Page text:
But one frame you won't see me use is the one that urges people to turn their profile blue in the name of "Autism Speaks" - a charitable organization that was founded twelve years ago by the grandparents of an autistic child.  You can recognize the logo by the blue puzzle piece above the name. 

And the reason why I won't use this frame is because I don't particularly believe in the values that "Autism Speaks" holds true.

I realize that some might be looking at me with daggers in their eyes, but allow me to explain my stance.  If at the end of this, you still support this organization, then feel free to do so.  I won't stand in your way.  But I do implore you to understand why I feel this way.

I suppose it stems from this letter that was posted on the Autism Speaks website by one of the co-founders.  To read it, click
HERE.  Go ahead and read it.  I can wait.  I'm semi-patient.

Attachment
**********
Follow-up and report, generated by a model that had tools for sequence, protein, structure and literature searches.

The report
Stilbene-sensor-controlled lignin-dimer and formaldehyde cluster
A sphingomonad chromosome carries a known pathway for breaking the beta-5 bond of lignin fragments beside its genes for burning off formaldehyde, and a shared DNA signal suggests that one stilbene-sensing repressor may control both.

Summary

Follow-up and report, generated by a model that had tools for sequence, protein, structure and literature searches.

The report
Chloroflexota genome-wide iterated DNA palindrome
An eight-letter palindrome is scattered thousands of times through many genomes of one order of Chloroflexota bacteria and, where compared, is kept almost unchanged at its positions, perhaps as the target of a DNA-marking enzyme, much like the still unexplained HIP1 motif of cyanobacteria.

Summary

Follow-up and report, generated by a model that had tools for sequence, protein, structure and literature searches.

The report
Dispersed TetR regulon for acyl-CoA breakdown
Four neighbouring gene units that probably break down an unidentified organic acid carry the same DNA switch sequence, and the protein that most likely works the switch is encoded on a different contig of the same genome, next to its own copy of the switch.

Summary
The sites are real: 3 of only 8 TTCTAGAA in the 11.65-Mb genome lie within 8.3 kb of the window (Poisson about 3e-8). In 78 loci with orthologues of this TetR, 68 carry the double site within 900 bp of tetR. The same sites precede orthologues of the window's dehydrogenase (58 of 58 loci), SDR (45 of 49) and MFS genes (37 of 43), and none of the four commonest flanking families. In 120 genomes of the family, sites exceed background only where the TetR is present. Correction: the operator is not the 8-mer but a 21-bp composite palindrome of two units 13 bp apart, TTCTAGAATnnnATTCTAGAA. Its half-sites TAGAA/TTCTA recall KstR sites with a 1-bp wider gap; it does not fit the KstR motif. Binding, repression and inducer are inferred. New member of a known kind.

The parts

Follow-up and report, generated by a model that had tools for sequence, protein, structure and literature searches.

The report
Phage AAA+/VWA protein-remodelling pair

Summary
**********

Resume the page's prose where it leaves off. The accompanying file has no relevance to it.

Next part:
Now, I partially get what she is trying to say here to a degree.  I can imagine that depending on where a child falls on the autism spectrum, it can definitely be a challenge.  However, almost all of my friends who have autistic children wouldn't trade that experience for the world.  They just want what is best for their child.

However, my nods of approval come to a screeching halt when she only seems to focus on the hardships of those who happen to be raising autistic children. 

Not once does she even show any sort of compassion for those who happen to be on the spectrum in the first place. 

It almost seems that she is grouping everyone who has autism into the same category, which is a complete mistake.  Sure, there are some extreme cases of autism where the child is in constant need of assistance.  But there are also so many people who are high-functioning autistic people, who might have a few quirks but are very capable of becoming proactive members of society.